Bob Huggins has gone out of his way to say nice things about Kansas State since abruptly leaving six years ago after one season as basketball coach.
He remembers his favorite local restaurants, keeps in touch with old friends associated with the program and claims that he would still be with the Wildcats if not for West Virginia offering him the chance to return to his alma mater. His wife enjoyed life here and so did he.
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But none of those pleasant emotions was present for his return to Bramlage Coliseum on Monday. K-State thumped West Virginia 71-61, leaving Huggins angry and frustrated after his first game at the arena since 2007.
“I really like this place. I like the people. The people have been wonderful,” Huggins said. “It’s nice to see people you haven’t seen in a while, but at the end of the day, it’s a business trip. We were supposed to win. We didn’t.”
The game was played in front of a less-than-capacity crowd despite being televised in prime time as part of ESPN’s “Big Monday” lineup — some students decided not to use their tickets — but those who were in attendance witnessed another dominant performance from the No. 13 Wildcats, 21-5 overall and 10-3 in the Big 12. It was their second straight drama-free victory, and it will move them to the top of the conference standings until Kansas and Oklahoma State, both a half-game back, meet Wednesday at Gallagher-Iba Arena.
K-State took care of business from the start against West Virginia, jumping out to an 18-4 lead, taking a 33-20 lead into halftime and leading by as many as 21 in the second half. The Wildcats haven’t lost to an opponent they were favored to beat under coach Bruce Weber, and that didn’t change against the Mountaineers, 13-13 overall and 6-7 in the Big 12. K-State was focused, tough and versatile, receiving key plays from starters as well as the bench.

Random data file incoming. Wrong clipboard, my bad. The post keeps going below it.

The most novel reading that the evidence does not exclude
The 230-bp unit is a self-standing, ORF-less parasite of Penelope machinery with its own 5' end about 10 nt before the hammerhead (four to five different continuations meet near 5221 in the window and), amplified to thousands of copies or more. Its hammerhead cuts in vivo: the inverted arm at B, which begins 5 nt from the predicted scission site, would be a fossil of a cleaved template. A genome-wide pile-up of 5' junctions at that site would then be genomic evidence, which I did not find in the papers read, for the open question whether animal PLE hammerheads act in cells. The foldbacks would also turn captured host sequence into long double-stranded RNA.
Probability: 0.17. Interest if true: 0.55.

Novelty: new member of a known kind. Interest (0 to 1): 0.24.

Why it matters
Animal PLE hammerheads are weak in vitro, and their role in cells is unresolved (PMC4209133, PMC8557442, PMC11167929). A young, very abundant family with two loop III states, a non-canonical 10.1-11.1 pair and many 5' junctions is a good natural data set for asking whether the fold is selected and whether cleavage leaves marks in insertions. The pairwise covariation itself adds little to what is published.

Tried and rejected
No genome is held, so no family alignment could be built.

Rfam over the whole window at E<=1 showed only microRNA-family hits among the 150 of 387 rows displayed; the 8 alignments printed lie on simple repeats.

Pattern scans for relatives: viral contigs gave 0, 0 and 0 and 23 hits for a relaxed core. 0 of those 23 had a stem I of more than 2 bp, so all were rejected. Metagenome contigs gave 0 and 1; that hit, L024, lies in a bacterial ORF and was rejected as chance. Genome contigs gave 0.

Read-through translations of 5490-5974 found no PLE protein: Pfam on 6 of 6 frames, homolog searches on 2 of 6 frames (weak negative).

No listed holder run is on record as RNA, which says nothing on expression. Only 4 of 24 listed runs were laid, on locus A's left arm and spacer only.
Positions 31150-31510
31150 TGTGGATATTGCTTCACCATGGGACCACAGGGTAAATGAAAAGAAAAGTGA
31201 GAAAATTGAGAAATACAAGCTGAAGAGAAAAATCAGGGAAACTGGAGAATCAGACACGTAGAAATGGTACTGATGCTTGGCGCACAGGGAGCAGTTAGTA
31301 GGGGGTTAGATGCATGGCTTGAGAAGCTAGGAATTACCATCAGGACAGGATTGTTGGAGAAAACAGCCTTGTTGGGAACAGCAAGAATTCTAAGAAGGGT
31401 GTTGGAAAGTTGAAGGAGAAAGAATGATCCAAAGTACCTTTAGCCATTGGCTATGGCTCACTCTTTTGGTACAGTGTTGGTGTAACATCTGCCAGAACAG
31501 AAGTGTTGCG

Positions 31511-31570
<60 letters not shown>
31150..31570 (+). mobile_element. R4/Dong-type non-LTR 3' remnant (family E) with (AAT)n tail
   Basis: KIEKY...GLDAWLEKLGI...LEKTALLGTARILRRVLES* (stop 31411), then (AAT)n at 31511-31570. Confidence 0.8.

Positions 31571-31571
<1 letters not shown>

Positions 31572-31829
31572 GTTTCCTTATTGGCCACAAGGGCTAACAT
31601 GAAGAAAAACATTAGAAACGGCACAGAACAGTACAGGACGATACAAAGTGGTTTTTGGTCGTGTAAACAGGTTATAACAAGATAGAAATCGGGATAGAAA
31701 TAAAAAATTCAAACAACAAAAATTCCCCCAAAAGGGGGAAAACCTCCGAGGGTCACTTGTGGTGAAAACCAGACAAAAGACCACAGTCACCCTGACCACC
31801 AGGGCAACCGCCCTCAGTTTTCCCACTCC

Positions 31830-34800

The Wildcats were also impressive from the free-throw line, which meant a great deal since the officials called 49 fouls. K-State attempted 23 free throws and made 19 of them. It was a strong effort considering the Wildcats entered the game ranked eighth in the Big 12, shooting 67.3 percent from the foul line.
“It was a very hard game to officiate,” Weber said. “I know people get upset. I got upset, but I would not take their job for anything. I thought they handled it pretty well for the most part. We just talked about keeping our poise and staying the course.”
K-State did, with junior guard Will Spradling doing the most damage. Spradling led all scorers with 19 points, tying a career high, and made all seven of his free throws. He is the team’s top free-throw shooter, and getting all those free points gave him a boost elsewhere.
“You see it go through the net and that gives you confidence right there,” Spradling said. “A lot of my shots off the dribble came right from that same spot. I was pretty much shooting free throws the whole night.”
He got plenty of help. Angel Rodriguez scored 11 points and had seven assists, Nino Williams had 13 points, and Thomas Gipson scored 11.
Leading scorer Rodney McGruder was mostly quiet with 10 points, but K-State is proving it has enough balance to win without his best offensive effort.
“That is probably the best thing about our team,” Weber said. “Every game it is somebody else. Angel and Jordan (Henriquez) have had big games, Shane (Southwell) the other night. Rodney had good numbers, not great numbers. Tonight it was Will and Nino stepping up. We have good balance. Five guys in double figures is really positive. I think that is how our team has evolved. We’ve learned that if you take Rodney away, we still have some players who can make plays.”
That wasn’t the case when K-State defeated West Virginia 65-64 last month in Morgantown. Southwell blocked a potential game-winning shot for the Wildcats in that game.
This time, they were obviously the better team.
“We didn’t make a (darn) shot,” Huggins said.
The Wildcats held West Virginia to 17 field goals and took advantage of the Mountaineers’ foul trouble while also capitalizing on two technical fouls. Spradling made four free throws, and K-State retained the ball when Eron Harris got hit with a foul/technical foul combo. And Spradling made two free throws when Huggins picked up a technical for arguing with officials.
Fans were hospitable to Huggins most of the night, choosing not to boo him during pregame warm-ups, but they erupted at the site of a former coach getting all worked up in front of the visiting bench.
K-State made sure his return wasn’t as pleasant as his memories.